Review – Teen Titans #38: Countdown to Djinn War

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Teen Titans #38
Teen Titans #38 variant cover, via DC Comics.

Teen Titans #38 – Adam Glass, Writer; Bernard Chang, Layouts; Scott Hanna, Finishes; Hi-Fi, Colorist


Ray – 5/10

Ray: Teen Titans #38 is the last issue of this run before Djinn War kicks off to close it out, and the title seems to have improved a bit – but it’s still bogged down by massive characterization issues. Last issue saw the Other unmasked as the evil Heretic, Damian Wayne’s misshapen clone.

He’s offering Damian a chance to save Djinn from limbo if he joins him in evil. It’s a typical devil’s bargain, and Damian is smart enough to not take it. He travels inside the ring to communicate with Djinn thanks to the cursed book the Other holds, and reunites with her to learn if he should take the deal. This title almost seems to be creating something real out of Damian and Djinn, but I still think she had more chemistry with Crush. The best scene in Teen Titans #38 comes with Damian’s reveal as to why he can’t take the deal, but I feel like it would have landed better if we hadn’t seen Damian take seven different leaps off the slippery slope over the course of this run.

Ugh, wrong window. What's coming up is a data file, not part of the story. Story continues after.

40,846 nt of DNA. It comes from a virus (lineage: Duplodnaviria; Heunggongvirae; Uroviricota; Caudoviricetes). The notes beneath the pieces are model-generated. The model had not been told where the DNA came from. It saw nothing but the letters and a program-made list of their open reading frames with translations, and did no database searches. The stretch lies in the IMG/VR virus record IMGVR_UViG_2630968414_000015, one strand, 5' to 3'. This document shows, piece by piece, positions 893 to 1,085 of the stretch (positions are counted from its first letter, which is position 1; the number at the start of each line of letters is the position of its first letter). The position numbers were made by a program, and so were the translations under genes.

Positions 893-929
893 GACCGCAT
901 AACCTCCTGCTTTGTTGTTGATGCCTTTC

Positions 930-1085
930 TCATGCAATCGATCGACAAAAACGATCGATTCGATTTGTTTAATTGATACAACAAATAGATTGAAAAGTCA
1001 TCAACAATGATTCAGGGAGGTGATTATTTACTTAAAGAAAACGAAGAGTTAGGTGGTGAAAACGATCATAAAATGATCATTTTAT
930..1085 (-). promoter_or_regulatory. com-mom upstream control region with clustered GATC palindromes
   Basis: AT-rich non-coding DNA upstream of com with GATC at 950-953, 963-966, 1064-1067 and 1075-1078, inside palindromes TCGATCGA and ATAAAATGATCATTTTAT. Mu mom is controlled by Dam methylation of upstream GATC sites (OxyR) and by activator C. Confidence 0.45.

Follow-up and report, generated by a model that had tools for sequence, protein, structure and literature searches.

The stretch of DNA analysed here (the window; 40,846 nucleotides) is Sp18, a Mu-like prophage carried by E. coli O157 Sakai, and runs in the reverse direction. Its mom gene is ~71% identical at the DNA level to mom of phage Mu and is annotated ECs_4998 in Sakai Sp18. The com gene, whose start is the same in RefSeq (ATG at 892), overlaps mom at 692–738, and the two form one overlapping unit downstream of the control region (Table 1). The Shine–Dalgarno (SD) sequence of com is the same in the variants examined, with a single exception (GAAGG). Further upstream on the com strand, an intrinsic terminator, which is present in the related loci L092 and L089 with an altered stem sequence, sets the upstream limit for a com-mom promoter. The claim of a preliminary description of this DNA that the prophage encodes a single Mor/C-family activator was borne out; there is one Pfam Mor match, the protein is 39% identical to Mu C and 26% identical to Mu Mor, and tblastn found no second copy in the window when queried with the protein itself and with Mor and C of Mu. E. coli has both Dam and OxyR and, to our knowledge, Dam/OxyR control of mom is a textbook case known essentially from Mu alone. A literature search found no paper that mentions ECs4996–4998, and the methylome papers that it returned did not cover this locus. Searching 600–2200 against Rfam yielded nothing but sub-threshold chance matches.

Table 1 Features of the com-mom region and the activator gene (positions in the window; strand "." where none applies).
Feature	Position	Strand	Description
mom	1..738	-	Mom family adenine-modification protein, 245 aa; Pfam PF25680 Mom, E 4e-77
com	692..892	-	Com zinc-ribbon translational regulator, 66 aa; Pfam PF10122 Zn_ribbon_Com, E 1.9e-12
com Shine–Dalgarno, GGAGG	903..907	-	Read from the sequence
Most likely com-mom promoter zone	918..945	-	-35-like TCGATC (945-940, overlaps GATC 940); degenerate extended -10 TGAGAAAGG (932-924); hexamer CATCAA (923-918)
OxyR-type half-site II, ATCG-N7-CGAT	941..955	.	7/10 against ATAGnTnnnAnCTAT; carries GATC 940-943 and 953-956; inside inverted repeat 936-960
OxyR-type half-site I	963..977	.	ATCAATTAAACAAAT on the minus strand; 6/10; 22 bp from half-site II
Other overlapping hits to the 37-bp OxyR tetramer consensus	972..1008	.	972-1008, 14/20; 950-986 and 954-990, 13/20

Teen Titans #38
Face-off. Via DC Comics.

While Damian’s characterization seems to have taken a turn for the better over this issue, I can’t really say the same about the other major players.

Roundhouse’s return to the team as he tries to help them escape falls flat because it seems like his apology for betraying them, trying to kill them, and sending Djinn into a living hell comes off more like a kid apologizing for being a dick to his friends.

None of the major elements in this series – Damian being a torturer, Damian getting a teenage girl killed, Roundhouse betraying the team – are treated with nearly the gravity they should be. Ultimately, the team escapes the Other and is on to their next battle – against Djinn’s evil brother Elias, now some sort of demon gang lord/gambler. This run has been a mess and hasn’t really given us any characters to pull for, which is a mistake a teen book can’t make if it wants to connect with its audience.

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Disclaimer: GeekDad received this comic for review purposes.

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